Pain in the chest, arm, neck and jaw—we all recognize these as signs of a potential heart attack. We know to watch our blood pressure and cholesterol. But not everyone knows that symptoms of a heart attack can look completely different for women than men, and that heart disease is the No. 1 cause of death for American women. Sudden cardiac death is rising among people below 35, well before many of us think of heart disease as a pressing issue. And now, more than ever, experts say stress is contributing to cardiac complications.
Srisha Rao, MC, FACC, is board certified in cardiovascular disease and internal medicine and has practiced cardiology in Ocala for 20 years. Today she treats patients at Cardiovascular Institute of Central Florida, specializing in noninvasive cardiology, which mainly includes diagnostics like stress tests. When patients visit her for the first time, she performs initial testing to reveal key risk factors.
“When I do the risk assessment, some of the most common risk factors in women and men are the numbers for their blood pressure; their BMI, which can be a sign of obesity, which increases risk of chronic disease; family history of heart disease (especially before the age of 55 in men or 65 in women); being postmenopausal and having a history of smoking.”
According to the American Heart Association, heart disease (including coronary heart disease and hypertension) is the No. 1 cause of death in the United States, and about 790,000 people in the United States have heart attacks each year. Rao estimates Ocala has a higher incidence of heart disease than the national average due to the population’s overall older age.
But heart disease and heart attacks don’t just happen after 50.
Age Is Just A Number
Although most deaths due to cardiac arrest occur in older adults or patients with coronary artery disease, cardiac arrest is the leading cause of death for young athletes. How often it occurs is unclear, but experts estimate one in every 50,000 sudden cardiac deaths a year is a young athlete. These deaths typically occur during physical activity, like playing a sport, and more often occurs in males than females.
Although that rate isn’t high, it is concerning because most of these victims seem to be in peak physical condition. However, these deaths are often caused by undiscovered heart defects or abnormalities.
Hypertrophic cardiomyopathy is an inherited condition that causes the walls of the heart to thicken. The thicker muscle tissue throws off the heart’s electrical system, leading to fast or irregular heartbeats (arrhythmias) that can lead to sudden cardiac death. HCM is not normally fatal but does tend to go undetected, and it’s the most common cause of sudden cardiac death in people under 30.
Some people are born with coronary arteries that are connected abnormally, and they can become compressed during exercise, cutting off blood flow to the heart.
Long QT syndrome is an inherited heart rhythm disorder that causes fast, chaotic heartbeats and frequently leads to fainting. Young people with long QT syndrome have an increased risk of sudden death.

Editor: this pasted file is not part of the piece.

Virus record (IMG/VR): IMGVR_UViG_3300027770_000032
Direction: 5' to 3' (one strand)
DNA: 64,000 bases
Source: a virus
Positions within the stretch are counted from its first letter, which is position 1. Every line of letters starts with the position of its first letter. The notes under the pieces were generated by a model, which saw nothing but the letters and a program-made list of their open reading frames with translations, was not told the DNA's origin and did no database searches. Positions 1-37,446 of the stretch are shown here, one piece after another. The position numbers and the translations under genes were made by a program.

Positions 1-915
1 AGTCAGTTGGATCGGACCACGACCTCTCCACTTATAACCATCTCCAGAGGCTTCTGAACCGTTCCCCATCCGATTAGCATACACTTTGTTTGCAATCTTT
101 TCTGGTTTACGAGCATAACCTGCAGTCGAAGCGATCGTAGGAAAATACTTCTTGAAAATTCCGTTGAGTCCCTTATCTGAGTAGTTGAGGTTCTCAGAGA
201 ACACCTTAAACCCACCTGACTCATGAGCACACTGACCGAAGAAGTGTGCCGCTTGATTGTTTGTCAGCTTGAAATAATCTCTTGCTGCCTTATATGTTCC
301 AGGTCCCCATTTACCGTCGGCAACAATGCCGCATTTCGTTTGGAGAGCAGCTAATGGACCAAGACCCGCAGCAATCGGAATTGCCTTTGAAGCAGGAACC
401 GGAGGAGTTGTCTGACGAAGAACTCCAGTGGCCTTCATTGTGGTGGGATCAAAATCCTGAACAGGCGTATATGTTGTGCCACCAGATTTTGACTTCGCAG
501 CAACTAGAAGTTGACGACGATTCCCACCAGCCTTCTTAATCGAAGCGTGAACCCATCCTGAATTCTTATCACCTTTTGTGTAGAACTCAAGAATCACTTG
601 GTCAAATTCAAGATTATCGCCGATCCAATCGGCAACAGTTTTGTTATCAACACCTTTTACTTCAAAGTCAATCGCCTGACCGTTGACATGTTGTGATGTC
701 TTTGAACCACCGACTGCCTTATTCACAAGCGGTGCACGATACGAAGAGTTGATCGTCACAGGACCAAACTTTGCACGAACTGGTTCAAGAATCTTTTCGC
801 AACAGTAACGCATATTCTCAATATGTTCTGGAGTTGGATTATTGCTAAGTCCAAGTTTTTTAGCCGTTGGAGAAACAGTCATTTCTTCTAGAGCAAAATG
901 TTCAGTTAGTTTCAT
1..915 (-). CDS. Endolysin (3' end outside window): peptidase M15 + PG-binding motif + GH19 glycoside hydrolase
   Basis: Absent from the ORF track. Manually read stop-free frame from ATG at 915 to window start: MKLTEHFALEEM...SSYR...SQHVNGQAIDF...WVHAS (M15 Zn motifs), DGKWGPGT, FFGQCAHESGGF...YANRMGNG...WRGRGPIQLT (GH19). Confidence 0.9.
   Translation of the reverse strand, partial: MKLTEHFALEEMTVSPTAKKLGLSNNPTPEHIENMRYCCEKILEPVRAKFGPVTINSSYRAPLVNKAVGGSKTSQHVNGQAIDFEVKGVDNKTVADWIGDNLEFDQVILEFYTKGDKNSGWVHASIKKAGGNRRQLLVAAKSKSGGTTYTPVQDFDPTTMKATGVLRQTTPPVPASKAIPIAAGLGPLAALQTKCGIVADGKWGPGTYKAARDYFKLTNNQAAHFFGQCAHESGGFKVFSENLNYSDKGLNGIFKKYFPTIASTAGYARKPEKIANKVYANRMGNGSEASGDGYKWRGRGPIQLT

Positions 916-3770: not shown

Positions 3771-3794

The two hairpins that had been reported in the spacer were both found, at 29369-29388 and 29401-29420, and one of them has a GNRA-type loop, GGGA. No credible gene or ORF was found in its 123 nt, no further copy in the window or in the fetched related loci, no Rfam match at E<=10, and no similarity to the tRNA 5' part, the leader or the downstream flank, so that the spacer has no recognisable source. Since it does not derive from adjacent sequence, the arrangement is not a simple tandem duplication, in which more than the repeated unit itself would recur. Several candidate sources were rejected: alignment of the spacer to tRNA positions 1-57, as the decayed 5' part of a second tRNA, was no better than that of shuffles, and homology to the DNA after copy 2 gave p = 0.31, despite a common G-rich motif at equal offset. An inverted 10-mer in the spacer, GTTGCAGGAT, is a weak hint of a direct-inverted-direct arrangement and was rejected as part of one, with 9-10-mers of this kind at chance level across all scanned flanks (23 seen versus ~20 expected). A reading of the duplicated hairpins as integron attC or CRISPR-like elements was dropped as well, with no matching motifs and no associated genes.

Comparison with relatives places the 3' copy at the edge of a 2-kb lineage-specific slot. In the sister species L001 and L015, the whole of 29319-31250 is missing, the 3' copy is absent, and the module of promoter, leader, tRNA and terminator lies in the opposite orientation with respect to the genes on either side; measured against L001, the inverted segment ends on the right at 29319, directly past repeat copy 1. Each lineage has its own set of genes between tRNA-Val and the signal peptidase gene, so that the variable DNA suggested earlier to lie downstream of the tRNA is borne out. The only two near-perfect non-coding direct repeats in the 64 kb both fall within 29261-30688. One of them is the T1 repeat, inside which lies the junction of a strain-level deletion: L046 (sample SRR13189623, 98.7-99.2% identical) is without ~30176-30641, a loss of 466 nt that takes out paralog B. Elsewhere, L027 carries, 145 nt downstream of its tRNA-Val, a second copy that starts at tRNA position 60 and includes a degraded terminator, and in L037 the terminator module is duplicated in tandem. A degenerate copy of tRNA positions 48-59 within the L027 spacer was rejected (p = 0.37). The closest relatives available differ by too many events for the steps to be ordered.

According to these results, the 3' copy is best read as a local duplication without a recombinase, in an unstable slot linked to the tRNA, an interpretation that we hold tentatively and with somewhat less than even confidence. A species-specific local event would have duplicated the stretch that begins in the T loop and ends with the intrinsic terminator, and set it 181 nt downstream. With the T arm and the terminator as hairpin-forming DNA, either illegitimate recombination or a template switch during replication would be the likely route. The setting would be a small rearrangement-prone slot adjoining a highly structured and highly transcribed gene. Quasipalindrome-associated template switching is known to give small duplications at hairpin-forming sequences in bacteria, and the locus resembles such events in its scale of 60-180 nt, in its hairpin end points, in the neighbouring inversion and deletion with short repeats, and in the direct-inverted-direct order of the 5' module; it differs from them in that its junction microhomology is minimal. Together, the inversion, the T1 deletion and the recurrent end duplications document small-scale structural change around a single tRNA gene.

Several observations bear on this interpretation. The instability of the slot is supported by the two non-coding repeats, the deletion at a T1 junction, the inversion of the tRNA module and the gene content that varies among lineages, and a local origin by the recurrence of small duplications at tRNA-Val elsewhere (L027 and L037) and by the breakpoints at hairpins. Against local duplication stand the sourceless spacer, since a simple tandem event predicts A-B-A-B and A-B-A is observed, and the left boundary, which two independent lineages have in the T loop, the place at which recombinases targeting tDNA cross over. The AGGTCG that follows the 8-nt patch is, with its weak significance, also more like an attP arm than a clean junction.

Although it’s hard to know if an abnormality has gone undetected in a young adult’s heart, there are three major warning signs that indicate something could be amiss.
- Unexplained fainting, or syncope, occurring during physical activity
- Family history of sudden cardiac death in relatives younger than 50
- Shortness of breath or chest pain (these are also known to indicate asthma)
If your child exhibits any of these warning signs, ask their pediatrician about screening options to ensure they can play their days away safely.
To Each Her Own Symptoms
Most people are familiar with the standard symptoms of a heart attack, but what they don’t know is that heart attacks can present in different ways for women.
“Chest pain and chest discomfort are still the most common symptoms women experience, and if they have pain in the neck, jaw, back or abdomen those are signs as well,” she explains. “Females complain more of back pain, abdominal or gastric discomfort, and shortness of breath, which can signal angina, angina equivalent or coronary artery disease. The older women get, their symptoms are a lot more subtle. It can just seem like unexplained fatigue.”
Rao says women who feel fatigued more easily than they used to should see their primary care physician. They can test for common causes of fatigue, such as thyroid complications, anemia or depression. If women are experiencing a newly diagnosed, unexplained fatigue and a primary care doctor has ruled out other possibilities, this may be cause for concern.
Most women who come to Rao present with some of these symptoms, most commonly some type of pain, and want to find out if it is related to their cardiac health, or they have already had a cardiac event.
Because heart disease is the No. 1 cause of death for women in the United States, Rao emphasizes two things when treating her female patients.
“Prevention and modification. In younger women, I think stress is a big part of the problem, so I always stress that they should take care of themselves. Be compassionate with themselves, and be able to say no.”
And although most people understand that smoking is bad for their health in innumerable ways, Rao says women may not realize the impact it can have on them specifically.
“If a woman is smoking, her risk of heart disease is three times greater than a man who smokes, so if someone with that risk factor is experiencing symptoms, I would not ignore it.”
Change Of Heart: Preventive Measures
So is there any good news about heart disease? Sure is—the steps toward prevention are simple and achievable for everyone. By addressing some of the risk factors of heart disease, such as high cholesterol, high blood pressure and stress, the chances of a cardiac event go down while overall health reaches a new high.